A bill to bolster federal oversight of large-scale compounding pharmacies and establish a national prescription drug track-and-trace system is on the way to the president for his signature. The Senate approved the “Drug Quality and Safety Act,” H.R. 3204, by voice vote Nov. 18. It passed the House in September.
The legislation is designed to improve the safety of compounded drugs and the security of the drug supply chain. It would allow facilities that compound sterile drugs to elect to register as “outsourcing facilities” subject to federal oversight by the Food and Drug Administration (FDA) and have their status publicized on the agency’s website.
Registered outsourcing facilities would be required to comply with “current good manufacturing practices” and certain labeling requirements; report adverse events; undergo risk-based inspections by FDA; and pay establishment and reinspection fees. Hospitals and others that choose to remain traditional compounding pharmacies would continue to be primarily regulated by state pharmacy boards as under current law.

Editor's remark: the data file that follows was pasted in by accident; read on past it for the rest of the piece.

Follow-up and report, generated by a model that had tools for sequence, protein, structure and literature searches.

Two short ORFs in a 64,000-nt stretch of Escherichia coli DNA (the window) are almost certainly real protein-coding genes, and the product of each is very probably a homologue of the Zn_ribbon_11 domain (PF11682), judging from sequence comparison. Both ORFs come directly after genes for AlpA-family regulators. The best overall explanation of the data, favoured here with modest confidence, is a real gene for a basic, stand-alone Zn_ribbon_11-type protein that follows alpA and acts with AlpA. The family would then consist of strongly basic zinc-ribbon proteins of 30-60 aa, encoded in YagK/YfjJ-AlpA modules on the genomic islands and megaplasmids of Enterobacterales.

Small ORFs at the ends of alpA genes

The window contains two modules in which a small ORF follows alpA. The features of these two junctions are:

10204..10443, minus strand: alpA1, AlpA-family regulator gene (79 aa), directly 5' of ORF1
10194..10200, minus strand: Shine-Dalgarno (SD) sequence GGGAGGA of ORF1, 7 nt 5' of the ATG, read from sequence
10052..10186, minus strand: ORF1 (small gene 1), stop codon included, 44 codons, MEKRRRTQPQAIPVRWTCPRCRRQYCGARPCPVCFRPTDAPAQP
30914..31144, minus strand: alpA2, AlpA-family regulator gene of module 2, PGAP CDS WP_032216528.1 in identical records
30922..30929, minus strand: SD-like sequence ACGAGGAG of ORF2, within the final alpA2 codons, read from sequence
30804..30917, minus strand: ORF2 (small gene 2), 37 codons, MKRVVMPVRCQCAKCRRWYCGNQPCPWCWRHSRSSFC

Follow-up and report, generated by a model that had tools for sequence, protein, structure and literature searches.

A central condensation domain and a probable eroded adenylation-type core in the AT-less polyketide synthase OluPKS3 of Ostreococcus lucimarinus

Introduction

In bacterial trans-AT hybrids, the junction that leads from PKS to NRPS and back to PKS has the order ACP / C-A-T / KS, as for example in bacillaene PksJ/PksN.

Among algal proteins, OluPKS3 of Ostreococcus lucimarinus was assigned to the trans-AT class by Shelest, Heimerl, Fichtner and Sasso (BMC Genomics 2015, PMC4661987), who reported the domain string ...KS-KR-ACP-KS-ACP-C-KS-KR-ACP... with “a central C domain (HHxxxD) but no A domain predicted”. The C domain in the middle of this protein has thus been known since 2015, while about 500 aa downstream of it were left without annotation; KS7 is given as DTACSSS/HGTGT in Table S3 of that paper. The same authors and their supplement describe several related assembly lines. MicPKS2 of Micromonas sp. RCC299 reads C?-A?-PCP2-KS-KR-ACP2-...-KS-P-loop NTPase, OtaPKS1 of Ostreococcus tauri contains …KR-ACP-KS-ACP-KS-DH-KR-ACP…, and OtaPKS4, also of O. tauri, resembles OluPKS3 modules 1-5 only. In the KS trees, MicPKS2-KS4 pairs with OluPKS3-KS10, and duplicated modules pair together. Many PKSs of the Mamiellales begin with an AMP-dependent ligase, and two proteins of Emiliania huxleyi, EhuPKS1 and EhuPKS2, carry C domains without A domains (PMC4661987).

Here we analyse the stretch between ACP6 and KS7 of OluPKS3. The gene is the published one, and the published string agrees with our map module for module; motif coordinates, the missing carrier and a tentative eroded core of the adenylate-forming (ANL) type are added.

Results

The bill also would require improvements in the communication between the states and FDA in the event of problems with compounded drug products produced by traditional compounding pharmacies.
“Track and trace” provisions of the bill would create a system to track most prescription drugs from the manufacturer to the dispenser (such as hospitals and pharmacies) by establishing nationwide drug serial numbers within four years and electronic unit-level tracing within a decade. The bill also would strengthen licensure requirements for wholesale distributors and third-party logistics providers.
Congress passed the legislation in response to a deadly outbreak last year of fungal meningitis that killed more than 50 people and was traced to a tainted steroid sold by the New England Compounding Center in Framingham, MA.